I've seen (and photographed) the incredibly lovely Korean Chrysanthemums at the Conservatory Garden in Central Park for the last few years (2014 // 2016), and this year I just caught them in time. When I went to check on them over lunch, they were beginning to be removed and they were definitely past their peak. The first year I posted about them, I thought they were daisies because I know absolutely nothing about plants. Someone who obviously knows much more about these things than I do was kind enough to correct me, and now I feel superior in my (still woefully limited) plant knowledge every time I spot another Korean Chrysanthemum.
I've never been really disappointed to find that the flowers I've gone to visit are already half-dead, and I even sometimes prefer the crispy versions to their lively counterparts. Maybe it's all the time I spend reading about death and decay (and pining after senior rescue dogs), but I try my best to appreciate living beings at every stage of their beautiful lives.
We went to see Three Billboards Outside Ebbing, Missouri this weekend—it's great, go see it!—and I fell in love with Frances McDormand's wrinkly, malleable, age-appropriate, fascinating face. It's refreshing to see a woman in Hollywood unapologetically exhibiting beauty and bravery on an unaltered face, and her performance was riveting not in spite of, but because of it.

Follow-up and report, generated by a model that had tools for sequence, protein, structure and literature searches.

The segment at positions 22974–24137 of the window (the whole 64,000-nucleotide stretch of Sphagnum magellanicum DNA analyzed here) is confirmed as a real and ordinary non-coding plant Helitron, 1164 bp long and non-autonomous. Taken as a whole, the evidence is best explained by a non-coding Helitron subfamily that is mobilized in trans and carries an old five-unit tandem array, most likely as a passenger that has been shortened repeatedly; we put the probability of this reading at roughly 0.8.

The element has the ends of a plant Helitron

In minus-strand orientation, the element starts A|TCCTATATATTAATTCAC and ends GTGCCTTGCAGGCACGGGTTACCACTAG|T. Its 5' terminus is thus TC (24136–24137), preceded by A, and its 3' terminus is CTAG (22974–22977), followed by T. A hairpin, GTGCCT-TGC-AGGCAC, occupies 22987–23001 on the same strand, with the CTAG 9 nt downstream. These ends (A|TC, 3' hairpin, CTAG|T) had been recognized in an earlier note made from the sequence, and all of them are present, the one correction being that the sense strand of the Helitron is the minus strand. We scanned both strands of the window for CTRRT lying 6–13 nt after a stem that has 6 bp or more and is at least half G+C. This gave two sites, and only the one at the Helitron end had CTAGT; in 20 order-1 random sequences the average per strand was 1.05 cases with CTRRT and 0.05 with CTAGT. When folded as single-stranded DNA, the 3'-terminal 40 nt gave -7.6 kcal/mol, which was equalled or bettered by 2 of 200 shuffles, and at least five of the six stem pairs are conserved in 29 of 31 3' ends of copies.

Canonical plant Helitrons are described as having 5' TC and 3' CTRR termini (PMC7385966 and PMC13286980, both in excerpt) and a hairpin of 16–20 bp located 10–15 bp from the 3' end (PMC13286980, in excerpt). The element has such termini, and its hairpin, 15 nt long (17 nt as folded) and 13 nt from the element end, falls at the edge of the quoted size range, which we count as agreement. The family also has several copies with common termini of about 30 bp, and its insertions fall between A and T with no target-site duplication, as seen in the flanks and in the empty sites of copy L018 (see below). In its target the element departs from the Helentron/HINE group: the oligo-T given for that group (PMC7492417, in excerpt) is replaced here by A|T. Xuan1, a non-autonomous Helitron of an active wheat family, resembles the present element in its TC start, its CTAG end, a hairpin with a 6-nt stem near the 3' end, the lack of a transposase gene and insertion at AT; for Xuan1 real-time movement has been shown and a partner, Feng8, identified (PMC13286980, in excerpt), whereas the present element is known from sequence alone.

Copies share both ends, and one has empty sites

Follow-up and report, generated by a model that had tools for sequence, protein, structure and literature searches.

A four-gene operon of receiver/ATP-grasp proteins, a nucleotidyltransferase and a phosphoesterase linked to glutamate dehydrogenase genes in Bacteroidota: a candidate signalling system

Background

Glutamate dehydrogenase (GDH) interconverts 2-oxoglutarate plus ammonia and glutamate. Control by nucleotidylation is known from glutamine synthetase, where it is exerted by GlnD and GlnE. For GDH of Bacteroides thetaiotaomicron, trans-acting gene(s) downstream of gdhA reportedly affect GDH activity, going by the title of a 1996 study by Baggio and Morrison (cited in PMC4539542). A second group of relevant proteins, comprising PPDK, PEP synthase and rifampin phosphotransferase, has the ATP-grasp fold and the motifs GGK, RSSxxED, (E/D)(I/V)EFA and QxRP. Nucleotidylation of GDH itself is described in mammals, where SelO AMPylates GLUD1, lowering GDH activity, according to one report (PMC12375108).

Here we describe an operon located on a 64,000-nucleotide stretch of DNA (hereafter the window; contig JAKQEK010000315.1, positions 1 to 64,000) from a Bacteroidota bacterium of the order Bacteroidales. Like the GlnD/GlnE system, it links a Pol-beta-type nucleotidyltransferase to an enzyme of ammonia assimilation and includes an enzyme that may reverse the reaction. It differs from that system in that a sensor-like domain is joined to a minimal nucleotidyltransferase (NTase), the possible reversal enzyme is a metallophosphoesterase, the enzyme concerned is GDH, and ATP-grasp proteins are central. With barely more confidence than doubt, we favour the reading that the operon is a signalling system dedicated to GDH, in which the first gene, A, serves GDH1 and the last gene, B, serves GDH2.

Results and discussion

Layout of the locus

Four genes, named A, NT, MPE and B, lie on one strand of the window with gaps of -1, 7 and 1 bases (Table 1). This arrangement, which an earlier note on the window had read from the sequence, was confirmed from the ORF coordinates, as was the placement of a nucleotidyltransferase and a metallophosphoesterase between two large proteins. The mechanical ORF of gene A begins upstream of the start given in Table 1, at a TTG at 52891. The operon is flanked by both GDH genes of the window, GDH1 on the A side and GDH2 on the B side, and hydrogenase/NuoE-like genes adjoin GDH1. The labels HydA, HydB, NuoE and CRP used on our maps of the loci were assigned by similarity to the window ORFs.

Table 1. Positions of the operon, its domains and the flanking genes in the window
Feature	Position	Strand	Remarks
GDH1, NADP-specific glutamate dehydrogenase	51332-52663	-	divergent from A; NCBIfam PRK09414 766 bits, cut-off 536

I've been struggling with how to wrap my head around this onslaught of sexual assault news, and what it says about a woman's place in our world. I certainly have my share of #metoo stories—mostly small, but they add up—and I'm trying to harness all of this hurt, bewilderment and rage into something useful. I've certainly been complicit in the degradation of others in my past—in the service of powerful men, and of my own volition—but it always felt wrong and I'm sorry. I'm trying to focus on the positive, on the healing power of sharing stories, on the beauty in the decay, and on the fact that women are incredibly powerful when we work with, and not against, each other.